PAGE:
First of all it is clear that Australia is becoming an increasingly popular venue for Bombay filmmakers. This trend is exemplified in movies ranging from Dil Chata Hai to the latest mega production Chak de India, which even as I write this paper, is being shot in Melbourne. I do not intend to go into the material causes for this popularity because I expect some of the participants of this workshop to do so, but thematically in Bombay Cinema, Australia seems to stand for a non American or European, but nevertheless advanced Western, even white society. The question is why is such a site at all required? First off it seems to me that it reflects a long overdue acknowledgement of the inherent complexity of what constitutes the “west” to the Indian mind. Bollywood, which has usually resorted to the negative stereotyping and homogenising of the West has last begun to show the West in more complex colours. Australia, furthermore, represents a slightly different possibility for an Indian immigrant than do, say, the United States or England. These differences may be very slight but are significant.  In another 2006 hit, Krish, the foreign setting is Singapore, which makes one ask why it is not England, USA, or elsewhere in the “West.”  Bollywood has begun to understand and exploit the need to choose different contrasting locations to India.  Not just the West, but the Middle East and the Far East have come under its purvey.  Here, it seems that Indo-China, which has been India’s traditional theatre and sphere of cultural influence right up to modern times will also be the place where India’s new emergence into power will be more easily recognized and acknowledged than in the West.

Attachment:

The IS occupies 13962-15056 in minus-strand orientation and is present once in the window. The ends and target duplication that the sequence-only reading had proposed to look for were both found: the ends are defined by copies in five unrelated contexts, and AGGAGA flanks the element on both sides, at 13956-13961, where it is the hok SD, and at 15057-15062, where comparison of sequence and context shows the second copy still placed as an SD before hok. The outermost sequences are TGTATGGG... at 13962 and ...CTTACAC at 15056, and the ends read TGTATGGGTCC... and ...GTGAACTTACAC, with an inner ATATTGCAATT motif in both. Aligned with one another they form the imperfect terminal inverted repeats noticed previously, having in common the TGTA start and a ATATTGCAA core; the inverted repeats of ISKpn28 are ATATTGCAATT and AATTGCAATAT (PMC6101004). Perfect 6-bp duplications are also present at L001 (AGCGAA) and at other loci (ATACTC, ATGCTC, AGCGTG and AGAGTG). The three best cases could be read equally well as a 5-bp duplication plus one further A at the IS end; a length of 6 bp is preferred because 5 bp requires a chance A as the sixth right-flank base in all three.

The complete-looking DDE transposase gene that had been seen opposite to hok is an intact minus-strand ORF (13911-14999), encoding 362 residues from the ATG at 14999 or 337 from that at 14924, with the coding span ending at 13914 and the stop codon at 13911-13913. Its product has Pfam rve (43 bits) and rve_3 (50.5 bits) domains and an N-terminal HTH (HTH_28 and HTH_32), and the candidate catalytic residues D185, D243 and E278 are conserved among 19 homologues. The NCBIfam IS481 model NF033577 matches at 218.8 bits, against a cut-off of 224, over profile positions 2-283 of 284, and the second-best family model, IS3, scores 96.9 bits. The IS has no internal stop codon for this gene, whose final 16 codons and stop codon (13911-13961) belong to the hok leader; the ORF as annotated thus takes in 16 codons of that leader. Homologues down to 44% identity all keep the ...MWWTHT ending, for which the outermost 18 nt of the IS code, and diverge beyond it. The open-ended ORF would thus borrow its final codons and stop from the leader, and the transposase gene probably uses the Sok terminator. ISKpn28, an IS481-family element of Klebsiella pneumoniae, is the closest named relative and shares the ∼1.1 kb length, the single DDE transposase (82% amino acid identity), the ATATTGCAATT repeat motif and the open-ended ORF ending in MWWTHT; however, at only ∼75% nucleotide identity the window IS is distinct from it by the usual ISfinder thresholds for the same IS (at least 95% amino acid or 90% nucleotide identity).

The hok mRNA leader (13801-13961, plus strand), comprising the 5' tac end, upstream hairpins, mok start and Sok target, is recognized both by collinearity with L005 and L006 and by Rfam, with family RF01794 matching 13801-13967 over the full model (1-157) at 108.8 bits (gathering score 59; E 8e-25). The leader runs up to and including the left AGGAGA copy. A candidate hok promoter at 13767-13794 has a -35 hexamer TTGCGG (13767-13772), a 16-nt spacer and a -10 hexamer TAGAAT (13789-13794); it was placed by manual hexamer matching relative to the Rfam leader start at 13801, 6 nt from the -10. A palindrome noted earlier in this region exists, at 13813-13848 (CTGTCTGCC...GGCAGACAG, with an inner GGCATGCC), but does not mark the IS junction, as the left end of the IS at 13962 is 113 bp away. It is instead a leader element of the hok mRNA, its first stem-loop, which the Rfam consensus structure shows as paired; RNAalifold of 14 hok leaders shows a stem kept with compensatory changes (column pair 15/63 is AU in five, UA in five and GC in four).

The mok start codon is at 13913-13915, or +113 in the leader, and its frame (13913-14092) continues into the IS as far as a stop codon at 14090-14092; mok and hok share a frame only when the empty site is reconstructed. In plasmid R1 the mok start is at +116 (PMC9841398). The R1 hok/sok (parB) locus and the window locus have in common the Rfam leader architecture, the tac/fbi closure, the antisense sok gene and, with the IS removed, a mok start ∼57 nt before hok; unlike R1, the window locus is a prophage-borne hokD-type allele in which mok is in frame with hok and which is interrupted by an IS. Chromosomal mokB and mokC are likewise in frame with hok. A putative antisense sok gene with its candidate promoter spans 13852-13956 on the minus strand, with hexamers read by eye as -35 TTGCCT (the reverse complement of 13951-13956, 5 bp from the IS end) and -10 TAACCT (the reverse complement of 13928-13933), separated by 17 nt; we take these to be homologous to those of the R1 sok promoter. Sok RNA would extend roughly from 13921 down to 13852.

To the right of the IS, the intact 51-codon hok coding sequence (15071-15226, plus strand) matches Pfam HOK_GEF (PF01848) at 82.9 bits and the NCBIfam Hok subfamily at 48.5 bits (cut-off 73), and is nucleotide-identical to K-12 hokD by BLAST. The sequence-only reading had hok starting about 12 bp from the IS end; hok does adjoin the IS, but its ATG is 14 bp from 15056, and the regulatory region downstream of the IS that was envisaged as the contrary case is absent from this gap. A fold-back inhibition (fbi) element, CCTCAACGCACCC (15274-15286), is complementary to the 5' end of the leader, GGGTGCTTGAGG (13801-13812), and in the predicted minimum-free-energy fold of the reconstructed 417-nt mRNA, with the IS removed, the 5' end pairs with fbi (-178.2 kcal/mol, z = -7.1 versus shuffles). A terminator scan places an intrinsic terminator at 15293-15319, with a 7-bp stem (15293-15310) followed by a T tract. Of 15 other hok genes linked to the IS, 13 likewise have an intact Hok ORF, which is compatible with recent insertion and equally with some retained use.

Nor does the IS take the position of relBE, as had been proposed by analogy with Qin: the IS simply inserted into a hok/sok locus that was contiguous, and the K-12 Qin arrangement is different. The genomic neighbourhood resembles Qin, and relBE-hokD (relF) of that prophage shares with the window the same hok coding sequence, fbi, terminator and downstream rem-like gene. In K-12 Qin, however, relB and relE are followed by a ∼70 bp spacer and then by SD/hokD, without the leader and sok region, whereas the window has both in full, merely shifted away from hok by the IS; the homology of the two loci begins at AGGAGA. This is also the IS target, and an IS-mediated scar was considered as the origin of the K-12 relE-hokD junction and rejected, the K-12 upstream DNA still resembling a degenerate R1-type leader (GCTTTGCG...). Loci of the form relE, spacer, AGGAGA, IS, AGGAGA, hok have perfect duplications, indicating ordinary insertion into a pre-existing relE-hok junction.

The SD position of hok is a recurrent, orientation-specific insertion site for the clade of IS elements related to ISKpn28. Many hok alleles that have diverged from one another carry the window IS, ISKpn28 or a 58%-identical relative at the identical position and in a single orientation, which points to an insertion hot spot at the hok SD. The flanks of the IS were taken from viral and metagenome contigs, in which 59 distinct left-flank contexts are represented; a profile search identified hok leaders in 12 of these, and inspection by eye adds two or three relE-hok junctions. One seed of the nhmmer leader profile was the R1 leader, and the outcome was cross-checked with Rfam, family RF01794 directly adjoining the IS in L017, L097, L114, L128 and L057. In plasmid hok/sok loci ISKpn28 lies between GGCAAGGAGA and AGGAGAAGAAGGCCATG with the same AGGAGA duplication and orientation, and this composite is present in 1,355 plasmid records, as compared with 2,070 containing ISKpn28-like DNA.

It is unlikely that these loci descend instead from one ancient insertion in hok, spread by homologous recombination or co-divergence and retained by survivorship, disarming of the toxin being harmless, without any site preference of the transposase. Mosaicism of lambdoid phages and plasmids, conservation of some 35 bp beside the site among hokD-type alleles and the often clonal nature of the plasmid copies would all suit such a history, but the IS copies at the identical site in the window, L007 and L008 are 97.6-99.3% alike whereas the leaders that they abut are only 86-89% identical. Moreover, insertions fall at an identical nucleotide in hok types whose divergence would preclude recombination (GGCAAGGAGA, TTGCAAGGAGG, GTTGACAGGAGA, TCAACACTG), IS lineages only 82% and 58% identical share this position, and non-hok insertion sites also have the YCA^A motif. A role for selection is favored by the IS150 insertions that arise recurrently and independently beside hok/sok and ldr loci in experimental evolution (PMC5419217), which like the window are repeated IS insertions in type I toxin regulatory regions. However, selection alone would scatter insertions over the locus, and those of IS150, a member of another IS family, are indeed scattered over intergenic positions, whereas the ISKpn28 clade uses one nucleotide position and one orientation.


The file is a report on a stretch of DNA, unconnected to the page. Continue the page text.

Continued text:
But to return to Melbourne, we have in Salam Namaste, the idea of the Australian dream which is available to the immigrant as there is an American dream for films set in North America.  In fact, these dreams are now extensions of the Indian dream, a part of which is to make it abroad.  Even so, the Australian dream, in this case Nick’s owning his own restaurant, is not just somewhat more modest but also more humanised than, for instance Sexy Sam’s unexplained but stupendous success, on more than one front in the US in Kabhi Alvida Na Kehna .Unlike some of the films set in the U.S Salaam Namaste, it would appear, pays greater attention to the economic factors that underlie emigration. Both Nick and Ambar struggle with not just earning money but saving it and planning for the future.  One of their prime reasons for sharing an apartment is economic.  Later, their quarrels and disagreements are also over money. The economic is thus not conveniently elided or erased in this film.